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This is an 'interesting' way to play auto stocks as trade tensions boil over, technician says

Too much uncertainty in autos to call a 'buy' on any stock: Portfolio manager

Auto stocks are caught in the crossfire of the trade war again.

General Motors and Ford were slammed Friday, falling 3%, after China resumed a 25% tariff on U.S. autos beginning December. Any trade deal became even more distant after President Donald Trump tweeted that U.S. manufacturers should "immediately" look for alternatives to China.

"There is too much uncertainty around the auto sector, especially in the U.S. to call any of these stocks a buy right now," Bill Baruch, president of Blue Line Futures, told CNBC's "Trading Nation" on Friday.

GM, for example, would have to fall back to $32 to offer good value, he adds. GM would need to fall by 11% to get to that level.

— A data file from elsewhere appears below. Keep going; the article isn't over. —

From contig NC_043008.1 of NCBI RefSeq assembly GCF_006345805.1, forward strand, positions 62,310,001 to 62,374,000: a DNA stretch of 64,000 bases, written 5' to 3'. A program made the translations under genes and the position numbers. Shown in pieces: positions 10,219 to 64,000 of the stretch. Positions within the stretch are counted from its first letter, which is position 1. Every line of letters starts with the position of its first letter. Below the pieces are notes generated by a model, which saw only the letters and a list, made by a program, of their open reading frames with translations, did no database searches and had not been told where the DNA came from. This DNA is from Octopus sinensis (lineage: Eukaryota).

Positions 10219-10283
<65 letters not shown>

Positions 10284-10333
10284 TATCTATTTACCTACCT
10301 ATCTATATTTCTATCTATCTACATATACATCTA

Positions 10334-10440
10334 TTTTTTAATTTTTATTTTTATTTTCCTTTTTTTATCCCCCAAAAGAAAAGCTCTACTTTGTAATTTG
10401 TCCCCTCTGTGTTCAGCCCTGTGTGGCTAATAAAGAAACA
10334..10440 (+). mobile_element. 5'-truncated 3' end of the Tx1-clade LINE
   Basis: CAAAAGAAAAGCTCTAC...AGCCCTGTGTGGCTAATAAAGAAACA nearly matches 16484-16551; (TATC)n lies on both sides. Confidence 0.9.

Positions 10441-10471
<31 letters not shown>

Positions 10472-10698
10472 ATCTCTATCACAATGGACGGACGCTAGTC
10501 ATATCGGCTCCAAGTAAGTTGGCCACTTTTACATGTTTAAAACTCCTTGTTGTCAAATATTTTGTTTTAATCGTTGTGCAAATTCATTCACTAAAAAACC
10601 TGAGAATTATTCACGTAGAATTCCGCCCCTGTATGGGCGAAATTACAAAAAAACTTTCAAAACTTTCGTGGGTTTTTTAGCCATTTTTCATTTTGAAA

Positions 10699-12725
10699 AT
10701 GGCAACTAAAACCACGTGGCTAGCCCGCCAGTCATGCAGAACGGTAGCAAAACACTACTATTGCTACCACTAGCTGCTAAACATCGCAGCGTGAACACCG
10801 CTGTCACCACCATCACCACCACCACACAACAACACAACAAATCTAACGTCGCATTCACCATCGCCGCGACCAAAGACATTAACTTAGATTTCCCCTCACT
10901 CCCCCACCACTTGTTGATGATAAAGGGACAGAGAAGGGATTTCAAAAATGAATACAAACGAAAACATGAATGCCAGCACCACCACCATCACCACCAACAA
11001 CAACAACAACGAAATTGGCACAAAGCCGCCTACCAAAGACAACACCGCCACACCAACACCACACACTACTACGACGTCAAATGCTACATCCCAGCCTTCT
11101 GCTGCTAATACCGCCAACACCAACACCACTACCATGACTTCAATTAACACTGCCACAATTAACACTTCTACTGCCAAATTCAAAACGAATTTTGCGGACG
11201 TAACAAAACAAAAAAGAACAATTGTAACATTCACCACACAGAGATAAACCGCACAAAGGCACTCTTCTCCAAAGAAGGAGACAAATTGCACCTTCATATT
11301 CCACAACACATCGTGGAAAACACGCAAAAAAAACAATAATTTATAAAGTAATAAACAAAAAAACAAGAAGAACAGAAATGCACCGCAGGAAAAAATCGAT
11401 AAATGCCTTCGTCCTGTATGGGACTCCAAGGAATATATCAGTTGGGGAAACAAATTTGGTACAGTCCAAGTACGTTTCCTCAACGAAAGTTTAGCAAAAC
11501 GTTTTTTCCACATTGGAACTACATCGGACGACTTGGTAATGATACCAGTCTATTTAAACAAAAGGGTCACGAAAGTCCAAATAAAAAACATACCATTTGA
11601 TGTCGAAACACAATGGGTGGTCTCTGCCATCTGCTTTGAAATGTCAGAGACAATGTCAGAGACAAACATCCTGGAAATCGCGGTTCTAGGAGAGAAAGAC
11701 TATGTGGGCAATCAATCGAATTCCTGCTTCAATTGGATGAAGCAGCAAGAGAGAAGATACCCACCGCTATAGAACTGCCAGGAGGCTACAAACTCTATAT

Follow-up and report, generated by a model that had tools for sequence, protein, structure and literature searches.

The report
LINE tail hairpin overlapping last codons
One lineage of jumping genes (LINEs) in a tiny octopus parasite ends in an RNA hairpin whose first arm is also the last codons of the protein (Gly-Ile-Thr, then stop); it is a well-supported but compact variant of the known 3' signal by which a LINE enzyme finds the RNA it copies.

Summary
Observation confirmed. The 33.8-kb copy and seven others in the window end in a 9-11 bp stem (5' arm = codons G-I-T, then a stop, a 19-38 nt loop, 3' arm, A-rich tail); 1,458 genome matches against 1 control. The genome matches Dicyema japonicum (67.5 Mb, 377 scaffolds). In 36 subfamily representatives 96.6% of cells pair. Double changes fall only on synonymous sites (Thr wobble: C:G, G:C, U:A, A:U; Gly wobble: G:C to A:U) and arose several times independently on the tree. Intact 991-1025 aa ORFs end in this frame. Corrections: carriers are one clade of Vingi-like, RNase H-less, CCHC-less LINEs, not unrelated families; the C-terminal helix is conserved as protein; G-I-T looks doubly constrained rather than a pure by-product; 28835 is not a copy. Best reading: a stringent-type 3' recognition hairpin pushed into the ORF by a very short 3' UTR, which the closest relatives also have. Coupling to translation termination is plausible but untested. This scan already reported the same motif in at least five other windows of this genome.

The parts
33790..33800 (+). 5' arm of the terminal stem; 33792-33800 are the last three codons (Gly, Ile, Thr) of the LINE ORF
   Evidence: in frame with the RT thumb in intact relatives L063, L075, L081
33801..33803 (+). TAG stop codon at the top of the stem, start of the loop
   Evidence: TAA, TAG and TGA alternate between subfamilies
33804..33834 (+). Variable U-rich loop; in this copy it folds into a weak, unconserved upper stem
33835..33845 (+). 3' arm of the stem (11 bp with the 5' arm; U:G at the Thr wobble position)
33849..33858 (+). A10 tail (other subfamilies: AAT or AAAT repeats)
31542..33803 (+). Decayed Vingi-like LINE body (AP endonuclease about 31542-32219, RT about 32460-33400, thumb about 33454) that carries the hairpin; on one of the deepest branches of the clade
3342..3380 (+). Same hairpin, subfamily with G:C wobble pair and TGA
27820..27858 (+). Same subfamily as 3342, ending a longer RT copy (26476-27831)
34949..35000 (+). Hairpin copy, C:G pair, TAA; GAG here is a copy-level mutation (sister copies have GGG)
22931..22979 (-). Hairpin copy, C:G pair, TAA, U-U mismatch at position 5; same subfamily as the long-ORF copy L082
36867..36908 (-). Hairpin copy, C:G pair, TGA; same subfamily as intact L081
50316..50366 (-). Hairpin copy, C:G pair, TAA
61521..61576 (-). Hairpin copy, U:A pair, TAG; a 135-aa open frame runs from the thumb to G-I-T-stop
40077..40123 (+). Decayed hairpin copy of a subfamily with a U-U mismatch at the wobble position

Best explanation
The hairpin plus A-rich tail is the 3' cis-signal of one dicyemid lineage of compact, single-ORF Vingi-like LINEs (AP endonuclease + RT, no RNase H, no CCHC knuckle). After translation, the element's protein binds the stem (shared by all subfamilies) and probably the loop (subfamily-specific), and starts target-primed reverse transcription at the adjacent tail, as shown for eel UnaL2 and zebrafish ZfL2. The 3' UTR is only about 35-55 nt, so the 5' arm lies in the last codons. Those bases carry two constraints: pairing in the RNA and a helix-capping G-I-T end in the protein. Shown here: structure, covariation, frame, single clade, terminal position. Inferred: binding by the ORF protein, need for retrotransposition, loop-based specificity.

Instead of directly investing in them, Baruch says he has an "interesting" way to gain exposure to the U.S. automakers.

"Take a look at the ETF RXI — Toyota is the number three name in there, and then it's surrounded by Amazon, McDonald's and Home Depot, and that gives you a way to diversify without idiosyncratic risk," said Baruch.

The RXI global consumer discretionary ETF holds U.S. and international stocks in the sector — GM and Ford make up 2% of the fund.

"That has a good support line coming in at $112, as the chart would show, and the 200-day moving average is there. So I think that's a good place to look to get some exposure in autos," said Baruch.

The RXI ETF is trading nearly 2% above the $112 level of support.

Steve Chiavarone, portfolio at Federated Investors, says Chinese tariffs should not impact U.S. automakers in too detrimental a way. However, he does see one thing that is impeding operations.

"When you think about the tariff issue here, you know [Friday's] announcement is not a big deal. The bulk of their business is done in the United States," Chiavarone said Friday. "The bigger deal might be what comes [next from the Trump administration], because they are importing a lot of goods — steel, aluminum. It's the import tariffs that are really hurting this group, not so much the export tariffs into China."

Disclosure: Federated's Global Allocation Fund owns Ford.